The fact is that to go beyond “checking a box” and make significant strides in engaging, hiring and retaining women at all levels requires more than a program. It requires engagement in the issue at all levels of the organization, an honest assessment of where things are at and a concerted effort to set goals that achieve progress.

Tips for taking bold, effective action

Many of the technology organizations that are seeing substantial progress in engaging, hiring, retaining and promoting women have similar winning strategies. Here are tips for taking their successful actions and making them yours:

Tip #1: open productive dialogs

To make a difference in gender equity, businesses and leaders have ask the hard questions and be willing to hear uncomfortable answers. Here are some of the questions IT organizations can use to shake up their dialogs:

  • Does our company have a problem with unconscious bias? Is the leadership and the company perspective “male, pale and stale?”
  • What is the comfort level in our offices with uncomfortable conversations? Is the work environment one that invites people to ask tough questions?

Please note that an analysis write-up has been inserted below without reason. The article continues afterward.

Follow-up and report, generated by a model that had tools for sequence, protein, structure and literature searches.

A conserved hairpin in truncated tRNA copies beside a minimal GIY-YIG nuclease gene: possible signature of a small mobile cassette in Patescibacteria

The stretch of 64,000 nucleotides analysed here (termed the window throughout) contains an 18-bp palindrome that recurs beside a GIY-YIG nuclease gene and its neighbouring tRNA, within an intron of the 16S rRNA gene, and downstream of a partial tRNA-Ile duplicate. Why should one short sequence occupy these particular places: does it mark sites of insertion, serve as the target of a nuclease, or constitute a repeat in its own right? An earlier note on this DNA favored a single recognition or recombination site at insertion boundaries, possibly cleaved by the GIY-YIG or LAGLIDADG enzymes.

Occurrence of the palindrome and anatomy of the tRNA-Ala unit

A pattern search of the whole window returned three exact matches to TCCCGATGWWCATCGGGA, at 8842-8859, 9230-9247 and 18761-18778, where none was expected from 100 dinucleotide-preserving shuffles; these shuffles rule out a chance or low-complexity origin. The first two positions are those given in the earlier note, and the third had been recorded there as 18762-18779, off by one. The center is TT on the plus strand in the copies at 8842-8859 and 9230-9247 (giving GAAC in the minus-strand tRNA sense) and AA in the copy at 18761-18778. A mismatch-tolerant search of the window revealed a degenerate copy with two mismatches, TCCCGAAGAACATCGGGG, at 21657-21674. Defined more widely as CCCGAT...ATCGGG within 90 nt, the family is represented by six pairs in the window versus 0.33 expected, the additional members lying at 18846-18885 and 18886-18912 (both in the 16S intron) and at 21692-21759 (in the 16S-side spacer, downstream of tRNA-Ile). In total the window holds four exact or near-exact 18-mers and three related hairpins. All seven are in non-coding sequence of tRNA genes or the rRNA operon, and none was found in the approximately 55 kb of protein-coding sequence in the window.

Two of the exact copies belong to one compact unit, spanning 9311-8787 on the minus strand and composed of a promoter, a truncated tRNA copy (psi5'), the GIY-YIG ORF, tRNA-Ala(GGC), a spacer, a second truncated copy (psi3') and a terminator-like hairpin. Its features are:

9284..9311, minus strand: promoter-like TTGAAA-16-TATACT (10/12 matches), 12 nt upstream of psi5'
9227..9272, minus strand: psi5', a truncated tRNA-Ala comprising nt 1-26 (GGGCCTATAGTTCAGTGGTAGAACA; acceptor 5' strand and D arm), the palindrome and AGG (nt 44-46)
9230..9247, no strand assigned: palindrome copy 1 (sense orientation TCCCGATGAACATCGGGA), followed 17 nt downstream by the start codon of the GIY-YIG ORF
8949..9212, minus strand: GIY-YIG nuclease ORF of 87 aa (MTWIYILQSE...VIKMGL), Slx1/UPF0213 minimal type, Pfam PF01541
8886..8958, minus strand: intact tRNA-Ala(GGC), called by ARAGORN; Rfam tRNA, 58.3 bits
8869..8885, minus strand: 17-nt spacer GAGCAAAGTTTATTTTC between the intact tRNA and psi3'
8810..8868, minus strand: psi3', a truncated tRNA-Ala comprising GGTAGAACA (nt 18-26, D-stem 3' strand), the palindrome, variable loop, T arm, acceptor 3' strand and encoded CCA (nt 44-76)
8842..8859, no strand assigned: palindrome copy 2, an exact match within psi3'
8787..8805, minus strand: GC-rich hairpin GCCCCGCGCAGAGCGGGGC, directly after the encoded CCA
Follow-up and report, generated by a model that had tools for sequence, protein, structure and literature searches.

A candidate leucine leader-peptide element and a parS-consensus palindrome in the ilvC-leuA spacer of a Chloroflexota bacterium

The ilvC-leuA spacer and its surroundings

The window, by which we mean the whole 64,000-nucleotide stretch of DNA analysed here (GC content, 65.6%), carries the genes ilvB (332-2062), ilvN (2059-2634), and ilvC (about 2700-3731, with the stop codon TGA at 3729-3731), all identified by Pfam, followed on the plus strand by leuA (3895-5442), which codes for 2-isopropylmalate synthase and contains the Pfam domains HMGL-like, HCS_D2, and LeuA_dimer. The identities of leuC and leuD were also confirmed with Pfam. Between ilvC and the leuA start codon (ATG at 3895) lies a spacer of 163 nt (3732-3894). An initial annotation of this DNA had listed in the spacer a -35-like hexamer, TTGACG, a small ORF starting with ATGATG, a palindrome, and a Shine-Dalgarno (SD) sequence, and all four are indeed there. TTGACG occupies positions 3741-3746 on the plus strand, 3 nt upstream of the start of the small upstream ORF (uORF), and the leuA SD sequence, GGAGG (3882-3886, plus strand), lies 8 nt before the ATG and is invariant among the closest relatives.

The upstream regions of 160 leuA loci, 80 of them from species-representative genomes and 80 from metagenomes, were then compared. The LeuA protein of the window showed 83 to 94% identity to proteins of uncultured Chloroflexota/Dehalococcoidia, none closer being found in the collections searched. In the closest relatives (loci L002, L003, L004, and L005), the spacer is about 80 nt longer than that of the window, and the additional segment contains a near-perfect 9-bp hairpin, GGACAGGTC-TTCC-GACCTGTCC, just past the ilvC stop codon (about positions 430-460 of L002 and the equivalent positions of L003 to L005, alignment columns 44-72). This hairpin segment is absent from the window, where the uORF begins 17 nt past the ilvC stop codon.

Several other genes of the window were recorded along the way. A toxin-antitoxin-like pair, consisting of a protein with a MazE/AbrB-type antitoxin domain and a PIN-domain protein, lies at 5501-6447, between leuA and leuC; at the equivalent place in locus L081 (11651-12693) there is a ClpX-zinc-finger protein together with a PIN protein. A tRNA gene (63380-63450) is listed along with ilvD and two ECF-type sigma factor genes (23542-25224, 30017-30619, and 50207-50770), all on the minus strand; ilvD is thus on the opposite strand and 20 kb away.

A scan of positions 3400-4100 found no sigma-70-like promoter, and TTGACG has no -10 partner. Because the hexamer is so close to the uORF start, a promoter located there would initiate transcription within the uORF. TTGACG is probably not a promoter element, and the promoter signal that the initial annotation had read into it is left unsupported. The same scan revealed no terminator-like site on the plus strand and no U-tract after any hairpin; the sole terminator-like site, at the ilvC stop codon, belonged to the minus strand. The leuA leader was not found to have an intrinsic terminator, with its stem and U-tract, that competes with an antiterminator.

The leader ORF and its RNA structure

• Do employees have the confidence and the support to stand up and speak out when they see bias and/or inequity? Could there be/or has there been retaliation when it has happened in the past?

Even the most well-meaning business leaders can exhibit an unconscious bias towards those who are more like them. Even innovative and forward-thinking companies struggle with diversity and gender equity. One of the first steps to addressing these challenges is being open to the hard and important conversations that come with any transparent effort in overcoming bias.

Tip #2: strive for equal pay